Books in this category often show huge sales spikes but are left unread. This is particularly noticeable for ebooks that can quickly become “invisible” in the depths of our digital libraries (out of sight, out of mind), collecting electronic dust and perhaps never being read.

These books create revenue for authors and publishers, but their completion rates are low, their velocity (the time it takes the median reader to finish the book after opening it) approaches infinity, and as a result, their recommendation factor is often negative, as books that aren’t read are not recommended.

Reason 3 – Inform Me

Sometimes we buy books to inform or educate us. These are mostly works of non-fiction. Depending on their quality and how well they address our needs, they may have high or low completion rates, they may not be read linearly from start to finish, they may have mostly low velocity, and their recommendation factors may be outstanding or terribly poor.

Failure to finish these books is often a function of their quality. A special case, however, is business books. Many have extraordinarily low completion rates even in view of sky-high sales because most buyers read only the first chapters. Readers get the gist of the book or absorb the main proposition and then move on to something else, leaving most of the book unread. These titles form a special category that have very low completion rates but may nevertheless have very high recommendation factors or net promoter scores.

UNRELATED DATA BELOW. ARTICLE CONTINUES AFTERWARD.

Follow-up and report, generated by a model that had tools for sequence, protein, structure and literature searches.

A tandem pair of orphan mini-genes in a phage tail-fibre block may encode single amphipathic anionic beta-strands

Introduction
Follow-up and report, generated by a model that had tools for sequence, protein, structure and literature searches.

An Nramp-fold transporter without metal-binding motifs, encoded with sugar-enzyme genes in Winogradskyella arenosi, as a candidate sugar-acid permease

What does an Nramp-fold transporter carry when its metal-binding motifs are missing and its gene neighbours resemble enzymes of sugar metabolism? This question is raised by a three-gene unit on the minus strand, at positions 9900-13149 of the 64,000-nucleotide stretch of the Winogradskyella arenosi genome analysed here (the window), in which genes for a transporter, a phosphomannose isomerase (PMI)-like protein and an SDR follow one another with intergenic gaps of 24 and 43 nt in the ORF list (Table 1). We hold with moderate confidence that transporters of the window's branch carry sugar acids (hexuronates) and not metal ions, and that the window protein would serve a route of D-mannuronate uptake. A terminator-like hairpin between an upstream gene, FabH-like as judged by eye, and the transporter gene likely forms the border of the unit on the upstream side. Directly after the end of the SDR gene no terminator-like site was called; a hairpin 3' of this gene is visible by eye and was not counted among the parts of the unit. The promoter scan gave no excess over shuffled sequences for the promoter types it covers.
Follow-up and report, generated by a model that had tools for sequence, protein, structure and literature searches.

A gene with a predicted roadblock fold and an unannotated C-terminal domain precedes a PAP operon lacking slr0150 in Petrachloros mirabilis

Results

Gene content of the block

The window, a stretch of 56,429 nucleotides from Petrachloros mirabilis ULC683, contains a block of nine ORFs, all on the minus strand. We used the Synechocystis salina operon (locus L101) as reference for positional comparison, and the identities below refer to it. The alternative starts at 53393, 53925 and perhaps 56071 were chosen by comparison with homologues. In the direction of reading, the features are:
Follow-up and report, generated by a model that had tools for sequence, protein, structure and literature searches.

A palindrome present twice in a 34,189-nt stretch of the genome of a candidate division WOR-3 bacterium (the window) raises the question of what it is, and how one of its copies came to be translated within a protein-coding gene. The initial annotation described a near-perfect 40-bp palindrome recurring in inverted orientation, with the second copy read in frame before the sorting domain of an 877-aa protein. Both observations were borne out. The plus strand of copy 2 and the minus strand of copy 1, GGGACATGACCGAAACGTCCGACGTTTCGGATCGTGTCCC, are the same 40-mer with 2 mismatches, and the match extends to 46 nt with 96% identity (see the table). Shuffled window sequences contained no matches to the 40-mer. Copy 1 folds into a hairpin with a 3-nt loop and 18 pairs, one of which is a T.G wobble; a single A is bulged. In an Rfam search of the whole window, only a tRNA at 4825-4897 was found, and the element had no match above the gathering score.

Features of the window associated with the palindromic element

The fact that most of the book goes unread does not impact on readers’ perception of such non-fiction titles. In fiction, on the other hand, this would be the kiss of death.

Reason 4 – Obligation to Read

These are the books that we don’t choose entirely voluntarily but, for whatever reason, we are assigned to read. These may be book club picks, but more often, these are books we are assigned in school or college, and are considered the greats of literature by some unspoken consensus.

These are also the textbooks that our professor assigns to us, the professional titles that our profession prescribes, and the educational books that we buy for ourselves for guided study to enhance our skills.

These books do not quite conform to the normal reader analytics patterns, and we will discuss them in a separate data-smart publishing post in the future. Many of the books in this category enjoy something of a captive audience.

Reason 5 – Social Pressure to Read

Sometimes we feel social pressure to read a book, if for no other reason than everybody at the office, at the bridge round or the country club is talking about it. Whether it’s 50 Shades of Grey, The Lost Symbol, The Name of The Rose or something similar, we feel compelled to buy these books because the rest of the world is reading them. Sometimes we finish them, but sometimes we don’t really get into them.